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No, bone structure alone cannot determine with 100% accuracy if someone is Native American.


Bone structure alone cannot determine if someone is Native American with 100% accuracy. This is due to:

1) Diversity within human populations
2) Mixed ancestry of people
3) Certain populations better studied than others/sample size

1) There is a tremendous amount of diversity in humans, and this includes within specific populations of humans. While we may be able to say that, generally speaking, people of European descent are taller than people of Asian descent or people of European descent are more likely to have overcrowding of teeth compared to those of African descent, these are generalizations. While the traits described may be true much of the time, they are not always true.

A great example of when skeletal features did not align with an individual's origin is the famous Kennewick man, remains found in Washington state that were thought not to be Native American based on skeletal features. However, DNA analysis has finally lead to the conclusion that Kennewick man is Native American. Read more here.

2) We know the most about groups of people we have studied the most. Thus, while we have studied the bones of many Europeans, we have not studied as many individuals from Laos or the Beothuk indigenous tribe. The more we study, the more we know. We may currently believe the tibia of one ethnicity are longer on average than a second ethnicity, but, with a larger sample size, we may find out this is not true.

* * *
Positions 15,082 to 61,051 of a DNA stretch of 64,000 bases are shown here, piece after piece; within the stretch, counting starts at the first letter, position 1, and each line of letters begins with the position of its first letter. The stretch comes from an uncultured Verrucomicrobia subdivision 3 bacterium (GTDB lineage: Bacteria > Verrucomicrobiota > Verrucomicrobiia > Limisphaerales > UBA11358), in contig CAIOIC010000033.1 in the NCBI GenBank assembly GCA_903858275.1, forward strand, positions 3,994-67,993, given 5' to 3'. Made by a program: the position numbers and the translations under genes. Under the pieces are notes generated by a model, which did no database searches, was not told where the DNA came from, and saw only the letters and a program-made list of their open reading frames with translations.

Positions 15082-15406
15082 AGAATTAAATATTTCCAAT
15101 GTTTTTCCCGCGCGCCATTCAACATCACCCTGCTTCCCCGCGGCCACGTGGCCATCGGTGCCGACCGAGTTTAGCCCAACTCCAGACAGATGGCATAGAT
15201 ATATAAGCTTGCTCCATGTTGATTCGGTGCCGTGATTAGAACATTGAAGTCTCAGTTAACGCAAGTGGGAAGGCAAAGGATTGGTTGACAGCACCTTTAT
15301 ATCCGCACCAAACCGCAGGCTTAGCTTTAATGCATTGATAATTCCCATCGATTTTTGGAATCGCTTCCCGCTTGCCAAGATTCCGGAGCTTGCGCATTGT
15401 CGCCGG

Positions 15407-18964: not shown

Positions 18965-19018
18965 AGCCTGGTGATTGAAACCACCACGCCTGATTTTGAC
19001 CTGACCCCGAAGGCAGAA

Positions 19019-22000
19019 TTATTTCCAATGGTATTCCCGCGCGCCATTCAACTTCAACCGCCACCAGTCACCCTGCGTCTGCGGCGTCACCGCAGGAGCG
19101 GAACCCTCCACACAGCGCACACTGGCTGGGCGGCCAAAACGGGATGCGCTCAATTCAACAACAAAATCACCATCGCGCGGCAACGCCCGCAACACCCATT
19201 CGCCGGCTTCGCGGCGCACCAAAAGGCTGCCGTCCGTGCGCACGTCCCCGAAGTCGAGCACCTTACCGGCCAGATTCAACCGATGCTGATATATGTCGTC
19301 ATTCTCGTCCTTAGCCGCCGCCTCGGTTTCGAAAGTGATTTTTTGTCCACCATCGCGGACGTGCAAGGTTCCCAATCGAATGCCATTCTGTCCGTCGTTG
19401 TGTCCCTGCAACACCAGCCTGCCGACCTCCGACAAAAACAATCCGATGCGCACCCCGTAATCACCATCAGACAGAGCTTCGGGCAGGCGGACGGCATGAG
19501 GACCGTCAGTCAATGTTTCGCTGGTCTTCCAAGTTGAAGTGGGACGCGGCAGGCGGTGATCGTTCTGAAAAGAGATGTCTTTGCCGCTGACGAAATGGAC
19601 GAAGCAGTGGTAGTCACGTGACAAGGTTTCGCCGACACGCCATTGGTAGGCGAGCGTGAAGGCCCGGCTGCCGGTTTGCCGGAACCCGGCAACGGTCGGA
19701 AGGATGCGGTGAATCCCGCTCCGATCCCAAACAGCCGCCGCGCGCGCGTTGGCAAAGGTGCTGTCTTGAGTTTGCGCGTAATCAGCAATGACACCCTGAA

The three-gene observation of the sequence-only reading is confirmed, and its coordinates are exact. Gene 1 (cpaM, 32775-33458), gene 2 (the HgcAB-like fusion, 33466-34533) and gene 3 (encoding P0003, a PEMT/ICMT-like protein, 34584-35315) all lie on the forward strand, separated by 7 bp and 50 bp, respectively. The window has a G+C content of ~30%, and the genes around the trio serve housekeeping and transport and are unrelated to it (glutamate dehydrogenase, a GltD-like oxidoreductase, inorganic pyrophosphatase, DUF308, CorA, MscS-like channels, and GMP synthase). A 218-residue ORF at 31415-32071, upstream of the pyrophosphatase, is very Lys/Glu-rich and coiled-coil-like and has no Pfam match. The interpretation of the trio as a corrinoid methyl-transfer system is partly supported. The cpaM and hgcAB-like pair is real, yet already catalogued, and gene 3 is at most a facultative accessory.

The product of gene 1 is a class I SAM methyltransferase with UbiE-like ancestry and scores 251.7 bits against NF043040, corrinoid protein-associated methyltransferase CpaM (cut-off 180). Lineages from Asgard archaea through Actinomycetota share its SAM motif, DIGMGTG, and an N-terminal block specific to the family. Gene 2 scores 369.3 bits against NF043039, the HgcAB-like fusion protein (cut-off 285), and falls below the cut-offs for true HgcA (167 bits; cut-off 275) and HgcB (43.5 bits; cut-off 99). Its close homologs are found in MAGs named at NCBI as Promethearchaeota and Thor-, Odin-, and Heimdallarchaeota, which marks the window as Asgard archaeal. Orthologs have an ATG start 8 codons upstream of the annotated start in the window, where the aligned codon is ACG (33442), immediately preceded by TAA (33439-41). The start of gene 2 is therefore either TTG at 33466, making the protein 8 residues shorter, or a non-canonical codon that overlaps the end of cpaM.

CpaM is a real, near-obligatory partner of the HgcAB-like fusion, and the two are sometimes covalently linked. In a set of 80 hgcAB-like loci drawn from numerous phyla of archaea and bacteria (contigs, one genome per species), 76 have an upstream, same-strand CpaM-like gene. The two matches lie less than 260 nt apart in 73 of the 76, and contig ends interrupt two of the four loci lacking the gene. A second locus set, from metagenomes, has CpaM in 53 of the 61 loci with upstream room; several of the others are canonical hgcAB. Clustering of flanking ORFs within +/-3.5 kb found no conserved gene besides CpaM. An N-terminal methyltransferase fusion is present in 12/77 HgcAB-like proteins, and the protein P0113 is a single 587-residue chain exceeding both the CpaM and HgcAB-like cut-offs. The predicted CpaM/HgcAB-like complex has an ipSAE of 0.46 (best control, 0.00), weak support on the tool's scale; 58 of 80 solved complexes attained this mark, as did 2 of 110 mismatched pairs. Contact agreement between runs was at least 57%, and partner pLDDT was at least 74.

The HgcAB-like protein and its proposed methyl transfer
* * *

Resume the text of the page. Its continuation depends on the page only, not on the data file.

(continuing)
3) Many people cannot call themselves 100% of any one ethnicity. Native Americans came into contact (and are still in contact) with people from other continents. They reproduce with people from various ethnicities, resulting in a mix of traits in the same way that can be expected if a Chinese person and a Danish person reproduce.

There are some general traits many Native American share. Native Americans typically have rounded eye orbits and prominent cheekbones compared to individuals from Sub-Saharan Africa, who typically have eye orbits that are of a rectangular shape and who lack prominent cheekbones. They tend to have a wider face than Europeans. It can be challenging to distinguish Native Americans from East Asians. It is important to remember that these traits are generalizations and not rules!

To learn more about using skeletal features to identify ancestry, try reading here or here.


Blood clotting is bad when it occurs within blood vessels.